Although the presence and effects of COVID-19 still linger with us today, the housing market was still ablaze. Despite many stories of an abundance of offers and waived inspections, a new report brought to light that this was not the expected homebuying experience.
Across the nation, the typical homebuyer in 2021 made two (2) offers before having one accepted, and it is estimated that a total of 88% of buyers chose to have an inspection done before closing on their home. This new research comes on the heels of a year that saw some homes receive upwards of one hundred offers – and some homes selling for hundreds of thousands of dollars over asking price – as a massive pool of buyers competed over historically low inventory.
However, this is in no way an indication that purchasing a home in 2021 wasn’t difficult. Prior to 2021, homebuyers simply had to submit a median of one offer. As an interesting point to note, the share of first-time homebuyers plummeted to 37% in 2021, down from 43% in 2020.
“Our 2021 survey of buyers found buying a home got more challenging in the past year, but many buyers were ultimately successful in landing a home without taking unnecessary risks,” said Manny Garcia, a Zillow population scientist, in a press release announcing the research. “Most buyers continue to get inspections, and sellers appear to prioritize higher offers over waived inspections. Most buyers are ultimately achieving homeownership by doing their research, making trade-offs, and considering a diverse array of options.”
Despite having the number of virtual tours increase dramatically during the earlier stages of the pandemic, most buyers still opted to complete a private tour of a home before putting an order in according to Zillow. A typical buyer went on three (3) private tours before making an offer, while just 5% of buyers skipped a private tour entirely.
In a press release, Tom Toole, team lead at Tom Toole Sales Group at RE/MAX Main Line said, “So many buyers are hearing horror stories from friends and family about the housing market, so it’s important to educate buyers about the local market so they can make the best decision for their family.” He further added, “buyers still strongly prefer in-person tours, but virtual tours help people see a home if circumstances don’t allow and have helped a number of buyers get a speed advantage in the market. Virtual tools are a great addition to help buyers decide what houses they want to go see in-person.”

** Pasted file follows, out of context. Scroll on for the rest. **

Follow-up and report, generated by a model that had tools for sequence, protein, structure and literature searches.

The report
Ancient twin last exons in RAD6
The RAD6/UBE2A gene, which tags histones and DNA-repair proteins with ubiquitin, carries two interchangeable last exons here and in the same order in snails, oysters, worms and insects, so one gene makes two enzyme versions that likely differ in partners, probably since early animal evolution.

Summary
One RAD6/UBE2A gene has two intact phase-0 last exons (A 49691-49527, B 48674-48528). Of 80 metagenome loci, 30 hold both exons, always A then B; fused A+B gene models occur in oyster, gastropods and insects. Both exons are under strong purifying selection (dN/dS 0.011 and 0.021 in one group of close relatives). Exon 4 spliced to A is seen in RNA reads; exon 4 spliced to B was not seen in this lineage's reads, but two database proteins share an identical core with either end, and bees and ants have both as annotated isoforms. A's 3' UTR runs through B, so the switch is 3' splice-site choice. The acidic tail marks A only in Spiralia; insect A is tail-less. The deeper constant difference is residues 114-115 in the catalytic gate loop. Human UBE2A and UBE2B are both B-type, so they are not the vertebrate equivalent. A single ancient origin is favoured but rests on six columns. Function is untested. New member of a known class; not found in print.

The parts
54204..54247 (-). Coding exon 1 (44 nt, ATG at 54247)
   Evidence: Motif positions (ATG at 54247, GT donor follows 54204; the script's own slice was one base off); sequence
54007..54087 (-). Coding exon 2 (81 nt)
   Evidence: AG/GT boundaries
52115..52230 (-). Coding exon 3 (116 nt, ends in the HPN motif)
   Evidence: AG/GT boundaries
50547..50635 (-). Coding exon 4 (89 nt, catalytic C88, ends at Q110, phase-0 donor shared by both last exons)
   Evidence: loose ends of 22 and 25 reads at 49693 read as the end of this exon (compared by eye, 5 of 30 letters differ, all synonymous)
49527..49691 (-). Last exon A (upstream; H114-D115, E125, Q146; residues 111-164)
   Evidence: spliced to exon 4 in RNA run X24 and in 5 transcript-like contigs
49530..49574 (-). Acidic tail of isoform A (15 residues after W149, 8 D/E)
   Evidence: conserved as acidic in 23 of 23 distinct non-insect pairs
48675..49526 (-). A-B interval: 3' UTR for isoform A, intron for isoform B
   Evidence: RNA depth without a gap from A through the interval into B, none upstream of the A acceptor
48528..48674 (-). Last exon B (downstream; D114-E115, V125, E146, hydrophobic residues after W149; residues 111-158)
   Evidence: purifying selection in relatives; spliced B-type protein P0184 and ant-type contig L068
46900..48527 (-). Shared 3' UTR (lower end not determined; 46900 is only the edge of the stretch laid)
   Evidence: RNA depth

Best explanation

What that means is that despite the robust desire for in-person tours, 68% of buyers also agreed that virtual tours helped them get a better feel for homes as opposed to just photos. Approximately 61% said they wished more listings had 3D tours, and 61% expressed wanting to schedule in-person tools online.
Some other interesting findings from the research found that:
- 72% of buyers said that a life event influenced their decision to move. The most common life event was a change in household or family size, with 42%, followed by working remotely more often, at 30%.
- About 60% of homebuyers said low mortgage interest rates influenced their decision to buy. Roughly 50% of buyers said having enough saved up for a down payment influenced them as well.
- An estimated 84% of buyers said a home within their initial budget was very or extremely important, tied with air conditioning and followed closely by having their preferred number of bedrooms.
All of this helps provide a renewed perspective on the state of the housing market as more points indicate it cooling, but slightly. Fewer homes are selling for more than their initial list price, with 46.1% of homes selling for more than their initial list price in August 2021 (down from 47.2% in July).
That doesn’t mean housing prices are going to come down soon. In many parts of the country, the housing market continues to remain burning hot, but some national indicators are showing early signs of balancing according to Redfin Economist Taylor Marr.
There are even more signs that the market is slowly turning, with new home listings exceeding pre-pandemic levels earlier in July.
What do you think this means for the future state of the housing market for buyers?
Sound off in the comments and let us know!